1. Hi Karen
      Thanks for your comment and for sharing your experience. To answer your question first, no I haven’t had personal experience of these sleeping pills. I have always stuck with herbal and over the counter sleep aids instead of prescription ones. But I do know that people do sometimes have the kind of sleep problems you describe when they stop taking a sleep aid that was working well for them. I would speak to your doctor about your desire to come off the sleep aids and see if they can work with you to taper them off. They might also be able to refer you to some therapy for insomnia, if it’s available where you are. Look up CBT-I and you’ll see what I mean. But you might also find some of the advice you get is similar to what you can find online easily. The difference is it would be tailored specifically to you and your situation rather than being generic advice. But in the meantime, I would suggest trying to put as much of the sleep hygiene tips into practice that you can if any seem strikingly different from what you usually do. I think for some people, just one or two adjustments can make a difference. Others might need a broader set of changes to see improvements. But my advice to people I meet in real life is always to see it as a challenge – really get stuck into trying out different techniques and lifestyle changes if appropriate in the hope that something works for you.

  2. Hi Ethan,
    Your website has been very helpful in my quest for a full night’s sleep.
    I recently purchased a “FitBit ” watch to look at sleep patterns. It shows that although getting enough total sleep I am getting 0% or less of deep sleep. Is there a way or sleep ad to improve this particular segment?

    Charles Stark

    1. Hi Charles

      Thanks for your comment, and it’s good to know the website was useful for you. It sounds like something is wrong if it shows 0% deep sleep. Are the REM and light sleep quantities showing up?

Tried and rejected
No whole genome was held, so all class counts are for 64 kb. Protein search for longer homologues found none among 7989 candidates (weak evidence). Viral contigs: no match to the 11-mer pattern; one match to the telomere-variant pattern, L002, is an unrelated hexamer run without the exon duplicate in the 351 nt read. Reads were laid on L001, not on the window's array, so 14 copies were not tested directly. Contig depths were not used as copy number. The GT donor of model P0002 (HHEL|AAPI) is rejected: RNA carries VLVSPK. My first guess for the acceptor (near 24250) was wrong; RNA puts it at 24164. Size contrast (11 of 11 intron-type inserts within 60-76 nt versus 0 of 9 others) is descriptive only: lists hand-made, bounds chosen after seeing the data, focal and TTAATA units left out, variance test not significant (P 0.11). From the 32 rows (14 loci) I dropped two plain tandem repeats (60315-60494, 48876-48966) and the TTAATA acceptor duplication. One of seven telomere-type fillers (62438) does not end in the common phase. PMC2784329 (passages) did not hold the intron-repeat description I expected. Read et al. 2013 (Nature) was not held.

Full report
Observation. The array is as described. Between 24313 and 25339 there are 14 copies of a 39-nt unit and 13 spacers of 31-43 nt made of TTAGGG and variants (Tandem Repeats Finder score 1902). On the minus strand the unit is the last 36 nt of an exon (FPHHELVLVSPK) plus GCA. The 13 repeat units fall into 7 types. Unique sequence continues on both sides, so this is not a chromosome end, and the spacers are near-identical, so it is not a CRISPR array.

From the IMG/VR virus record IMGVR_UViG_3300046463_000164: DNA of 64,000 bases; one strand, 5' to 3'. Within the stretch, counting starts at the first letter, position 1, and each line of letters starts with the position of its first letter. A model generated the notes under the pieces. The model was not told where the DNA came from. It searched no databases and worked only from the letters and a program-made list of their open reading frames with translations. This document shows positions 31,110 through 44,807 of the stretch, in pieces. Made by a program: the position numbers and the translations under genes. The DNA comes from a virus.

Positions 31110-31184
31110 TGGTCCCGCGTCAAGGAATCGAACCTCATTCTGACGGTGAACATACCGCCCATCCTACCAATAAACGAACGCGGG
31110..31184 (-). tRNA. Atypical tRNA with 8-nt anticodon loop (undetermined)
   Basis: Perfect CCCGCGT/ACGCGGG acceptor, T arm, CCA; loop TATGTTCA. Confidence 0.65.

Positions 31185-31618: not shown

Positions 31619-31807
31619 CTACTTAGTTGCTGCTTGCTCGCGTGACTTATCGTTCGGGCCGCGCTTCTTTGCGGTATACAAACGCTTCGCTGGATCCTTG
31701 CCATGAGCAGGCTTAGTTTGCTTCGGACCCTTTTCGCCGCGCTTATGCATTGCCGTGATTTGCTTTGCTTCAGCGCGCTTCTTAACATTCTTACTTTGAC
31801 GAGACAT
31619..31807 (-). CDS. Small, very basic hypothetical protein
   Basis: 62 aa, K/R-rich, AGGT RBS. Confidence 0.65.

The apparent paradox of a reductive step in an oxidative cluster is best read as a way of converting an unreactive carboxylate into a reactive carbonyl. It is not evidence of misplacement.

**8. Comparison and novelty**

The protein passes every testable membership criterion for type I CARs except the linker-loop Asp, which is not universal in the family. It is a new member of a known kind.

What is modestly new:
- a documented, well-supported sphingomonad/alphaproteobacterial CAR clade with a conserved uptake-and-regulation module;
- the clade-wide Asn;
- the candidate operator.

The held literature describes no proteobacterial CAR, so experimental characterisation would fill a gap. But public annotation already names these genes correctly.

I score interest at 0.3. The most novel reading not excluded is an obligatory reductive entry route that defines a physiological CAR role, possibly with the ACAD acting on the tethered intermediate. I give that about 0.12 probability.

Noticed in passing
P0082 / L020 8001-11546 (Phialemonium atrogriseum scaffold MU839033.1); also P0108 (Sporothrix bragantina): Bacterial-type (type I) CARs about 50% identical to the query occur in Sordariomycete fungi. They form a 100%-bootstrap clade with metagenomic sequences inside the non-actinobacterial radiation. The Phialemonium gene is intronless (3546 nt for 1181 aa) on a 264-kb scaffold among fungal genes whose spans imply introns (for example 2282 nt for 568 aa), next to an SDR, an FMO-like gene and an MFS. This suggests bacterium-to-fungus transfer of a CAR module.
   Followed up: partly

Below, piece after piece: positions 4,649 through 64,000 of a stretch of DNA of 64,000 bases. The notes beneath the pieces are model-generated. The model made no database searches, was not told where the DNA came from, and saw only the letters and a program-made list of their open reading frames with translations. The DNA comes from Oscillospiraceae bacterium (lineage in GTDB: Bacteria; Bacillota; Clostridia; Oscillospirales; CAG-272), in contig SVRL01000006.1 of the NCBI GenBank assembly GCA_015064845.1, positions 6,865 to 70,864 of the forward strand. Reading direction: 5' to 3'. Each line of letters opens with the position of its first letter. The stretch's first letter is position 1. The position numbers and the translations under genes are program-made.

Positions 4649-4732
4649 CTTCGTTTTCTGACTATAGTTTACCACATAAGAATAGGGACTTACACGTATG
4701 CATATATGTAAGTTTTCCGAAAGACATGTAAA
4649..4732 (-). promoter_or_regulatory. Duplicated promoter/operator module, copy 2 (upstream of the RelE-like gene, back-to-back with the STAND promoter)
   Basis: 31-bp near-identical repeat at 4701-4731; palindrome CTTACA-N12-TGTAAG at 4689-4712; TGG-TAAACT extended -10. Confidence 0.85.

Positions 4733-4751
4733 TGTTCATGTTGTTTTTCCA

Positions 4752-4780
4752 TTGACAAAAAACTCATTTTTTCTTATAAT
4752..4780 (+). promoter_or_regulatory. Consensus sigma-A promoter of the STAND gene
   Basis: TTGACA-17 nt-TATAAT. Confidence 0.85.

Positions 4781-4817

2. Philip Harmsworth

      Since my wife passed away in December I’ve not been able to sleep till at least 3am or later. I’ve tried all sorts of over the counter products. I always have some kind of side effects. I would give anything to go to bed and sleep.

  3. Ethan,

    I just stumbled upon your site to read your review of Spoonk. I have had trouble sleeping for about 8 months, as my best friend was very sick and it created an unending anxious state for me. I am now falling asleep, but wake with anxiety. Do you have any suggestions for that? I follow most of your sleep hygiene suggestions.

    Thank you,


    1. Hi Sue
      Thanks for your comment, and sorry to hear you’ve had a rough time with your friend being ill. I think there are two points here: how do you stop yourself waking up with anxiety, and what do you do when or if it happens. In my mind, the second is perhaps easier to tackle, as there might be many reasons you wake up, and the problem is then that your anxiety floods back (in my experience at least). I find that two things really help: first, remind yourself that it’s ok to wake up, not stress about being awake, try to relax and just enjoy the comfort of your bed and know that you will fall asleep again. Second, simple breathing exercises can really help to take your mind out of your head and focus on simple physical movements instead. Perhaps try those and see if it helps. As for the anxiety itself, I personally find if I do 5-20 mins of meditation or yoga before bed, I tend to wake up less frequently.

  4. Hi Ethan,

    Nice website my sleep doctor recommended. I’m being treated for insomnia.

    I have night time eating syndrome – where I eat the majority of my calories in the evening, need to sleep on a fuller stomach, and wake up during the night hungry and eat (I’m aware) in order to fall back asleep. I also have depression and anxiety if that is related.

    Do you have any information to help me better understand this?


    1. Hi there
      Thanks for your comment – it’s good to know the site comes recommended! Unfortunately though I can’t return the helpful words, as I don’t know enough about your particular situation to feel confident in providing any advice. What I can say though is that depression and anxiety have more and more self-help guidance available to the public, and I’ve had great success personally. Funnily enough, recently by exploring food that benefits my microbiome, which is a growing area of scientific exploration where anxiety and depression are concerned. You should look it up if you haven’t already.